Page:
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J Neurosci. 1997 Jun 15;17(12):4562-9.

Sensitivity to jerky gene dosage underlies epileptic seizures in mice.

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Department of Pharmacology, New York Hospital, Cornell University Medical Center, New York, New York 10021, USA.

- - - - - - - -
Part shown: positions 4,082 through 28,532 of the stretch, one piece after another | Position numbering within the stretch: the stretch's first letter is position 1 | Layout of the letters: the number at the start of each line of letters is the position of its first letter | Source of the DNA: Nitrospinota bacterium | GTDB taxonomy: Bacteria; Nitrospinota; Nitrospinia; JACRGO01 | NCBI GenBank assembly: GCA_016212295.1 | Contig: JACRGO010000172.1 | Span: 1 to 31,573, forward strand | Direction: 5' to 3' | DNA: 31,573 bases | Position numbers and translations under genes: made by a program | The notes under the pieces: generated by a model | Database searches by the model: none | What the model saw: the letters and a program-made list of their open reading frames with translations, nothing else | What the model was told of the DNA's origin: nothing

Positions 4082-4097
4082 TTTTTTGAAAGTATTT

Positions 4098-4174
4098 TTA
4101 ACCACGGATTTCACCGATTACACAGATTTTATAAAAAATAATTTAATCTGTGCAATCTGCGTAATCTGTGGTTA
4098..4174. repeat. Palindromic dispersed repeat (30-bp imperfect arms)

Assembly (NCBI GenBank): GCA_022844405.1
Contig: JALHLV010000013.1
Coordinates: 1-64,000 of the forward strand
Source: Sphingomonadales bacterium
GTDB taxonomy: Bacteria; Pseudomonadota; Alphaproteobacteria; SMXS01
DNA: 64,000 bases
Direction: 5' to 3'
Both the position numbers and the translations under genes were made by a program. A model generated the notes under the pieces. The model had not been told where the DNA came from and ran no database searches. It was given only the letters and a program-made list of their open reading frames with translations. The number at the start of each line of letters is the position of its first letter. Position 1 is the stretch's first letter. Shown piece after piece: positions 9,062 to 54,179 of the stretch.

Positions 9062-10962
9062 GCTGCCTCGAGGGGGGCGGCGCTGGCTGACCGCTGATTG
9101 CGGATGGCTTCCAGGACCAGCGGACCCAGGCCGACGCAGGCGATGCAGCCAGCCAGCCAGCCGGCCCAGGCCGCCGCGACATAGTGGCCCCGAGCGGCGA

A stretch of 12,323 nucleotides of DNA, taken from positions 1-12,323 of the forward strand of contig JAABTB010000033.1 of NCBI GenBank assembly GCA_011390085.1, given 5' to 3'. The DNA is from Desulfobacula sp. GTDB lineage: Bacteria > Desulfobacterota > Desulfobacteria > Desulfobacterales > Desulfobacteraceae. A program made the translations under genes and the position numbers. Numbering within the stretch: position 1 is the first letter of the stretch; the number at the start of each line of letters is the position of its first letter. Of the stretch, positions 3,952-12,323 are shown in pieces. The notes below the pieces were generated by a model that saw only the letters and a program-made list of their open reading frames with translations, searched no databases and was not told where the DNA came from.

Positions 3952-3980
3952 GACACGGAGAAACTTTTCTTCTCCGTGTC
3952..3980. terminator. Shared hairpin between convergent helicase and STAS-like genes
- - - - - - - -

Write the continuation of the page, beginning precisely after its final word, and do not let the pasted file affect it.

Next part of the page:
Animals with one deleted jerky allele are more susceptible to chemically induced seizures than wild-type mice and display recurrent behavioral seizures. The phenotype of these hemizygotes is characterized by no apparent neurological symptoms other than recurrent seizures reminiscent of human idiopathic epilepsy. The jerky gene encodes a 60 kDa protein resembling a number of DNA-binding proteins. Here, we show that the jerky gene is expressed in all tissues examined, including brain, liver, lung, spleen, testis, and ovary, and study an apparent paradox of how an allelic deletion of the ubiquitously expressed jerky gene can lead to hyperexcitability and seizures but not to other symptoms. We demonstrate that jerky has a dosage-sensitive function (haploinsufficiency) in brain and that this sensitivity to reduced jerky dosage could explain the occurrence of seizures in hemizygotes. However, jerky has a nondosage-sensitive function as well, because the total absence of jerky in homozygotes results in abnormalities of somatic and sexual development. A number of idiopathic epilepsies are dominantly inherited, such as benign familial neonatal convulsions, juvenile myoclonic epilepsy, as well as benign epilepsy with centrotemporal spikes, and the pathomechanism of these epilepsies may be based on haploinsufficiency in the brain.

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